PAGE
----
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Also know as Gloucestershire 'squab' pie: It is usually made with lamb or mutton rather than young pigeon.
For the filling, place the flour, sea salt and a good grinding of black pepper into a large bowl and mix well. Add the lamb pieces and toss well together until the meat is lightly coated with the seasoned flour.
Heat the rapeseed oil in a large frying pan and fry the lamb pieces for 3-4 minutes, in small batches, until golden-brown all over. Transfer the seared lamb meat to a large, heavy-based pan or flame-proof casserole and set aside.
Return the frying pan to the heat, adding more oil if necessary, then fry the onions for 5-6 minutes, or until golden-brown. Add the onions to the casserole with the lamb.
Add the nutmeg, allspice and rosemary to the casserole, then pour over the stock and the water. Bring to the boil, then reduce the heat and leave to simmer for 40 minutes, or until the lamb is just tender and the liquid has reduced to a the consistency of gravy. Season, to taste, with salt and freshly ground black pepper, then remove the pan from the heat, cover and leave to cool for 30 minutes.
Mix the apples together with the chopped sage and season with freshly ground black pepper. Set aside.
Meanwhile, for the pastry, sift the flour and salt into a bowl and rub in the lard and butter with your fingertips until the mixture resembles breadcrumbs.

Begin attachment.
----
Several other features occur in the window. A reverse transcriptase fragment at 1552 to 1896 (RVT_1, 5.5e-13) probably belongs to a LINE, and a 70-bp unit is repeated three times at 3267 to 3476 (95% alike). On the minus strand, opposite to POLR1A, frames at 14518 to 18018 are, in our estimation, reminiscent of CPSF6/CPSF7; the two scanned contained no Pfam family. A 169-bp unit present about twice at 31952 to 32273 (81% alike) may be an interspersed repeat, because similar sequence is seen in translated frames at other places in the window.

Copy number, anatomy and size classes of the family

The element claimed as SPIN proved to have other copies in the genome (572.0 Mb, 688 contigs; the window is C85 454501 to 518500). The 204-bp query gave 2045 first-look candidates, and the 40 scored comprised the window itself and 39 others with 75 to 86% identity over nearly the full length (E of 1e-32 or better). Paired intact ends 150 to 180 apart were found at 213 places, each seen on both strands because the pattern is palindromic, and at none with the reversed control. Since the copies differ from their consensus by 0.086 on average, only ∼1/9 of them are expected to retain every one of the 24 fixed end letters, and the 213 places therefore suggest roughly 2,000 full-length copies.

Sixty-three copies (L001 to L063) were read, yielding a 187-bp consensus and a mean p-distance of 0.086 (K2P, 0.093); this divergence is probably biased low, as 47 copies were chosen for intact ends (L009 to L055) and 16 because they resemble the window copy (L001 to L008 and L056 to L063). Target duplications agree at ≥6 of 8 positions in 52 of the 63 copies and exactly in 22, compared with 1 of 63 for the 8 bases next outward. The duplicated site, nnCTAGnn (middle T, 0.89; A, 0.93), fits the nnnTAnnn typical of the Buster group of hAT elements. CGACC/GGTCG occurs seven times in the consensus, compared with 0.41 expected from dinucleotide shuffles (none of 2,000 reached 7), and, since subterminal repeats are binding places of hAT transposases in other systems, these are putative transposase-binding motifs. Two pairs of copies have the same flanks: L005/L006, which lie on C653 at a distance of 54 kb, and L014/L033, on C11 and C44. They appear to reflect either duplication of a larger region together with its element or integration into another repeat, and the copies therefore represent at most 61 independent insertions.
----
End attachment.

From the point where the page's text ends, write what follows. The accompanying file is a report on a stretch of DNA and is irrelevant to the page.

Lightly whisk the egg together with the water, then place two tablespoons of the mixture into a separate bowl to use as a glaze for the pastry.
Make a well in the centre of the flour, lard and butter mixture and add the egg. Stir with a wooden spoon until the mixture comes together to form a dough, then shape into a ball. Lightly flour the work surface and knead the dough lightly, then flatten slightly into a round and wrap in cling film. Chill in the fridge for 30 minutes.
Preheat the oven to 200C/400F/Gas 6.
For the pie, spoon half of the lamb mixture into a 2.2 litre pie dish. Top with half the apples and cover with the remaining lamb mixture. Finish with a final layer of apples, piling them up above the edge of the dish. Ease a pie funnel into the centre of the pie to help support the pastry and set aside.
Unwrap the pastry and roll out into a large oval shape roughly 5cm/2in larger than the pie dish. Cut a 2cm/1in wide ring of pastry from around the edge of this oval.
Brush the rim of the pie dish with the reserved egg and water mixture. Press the pastry ring onto the rim of the pie dish, overlapping slightly at the end join. Brush lightly with a little more egg and then cover the pie completely with the rolled pastry, making a small hole for the top of the pie funnel.
Press the edges firmly to seal, then trim the pastry and flute all the way around. Brush the pastry with the remaining egg mixture and place the pie dish on a baking tray. Bake the pie in the centre of the oven for 25 minutes, or until the pastry is golden-brown and crisp.
Serve the pie piping hot with creamy mashed potatoes and seasonal vegetables.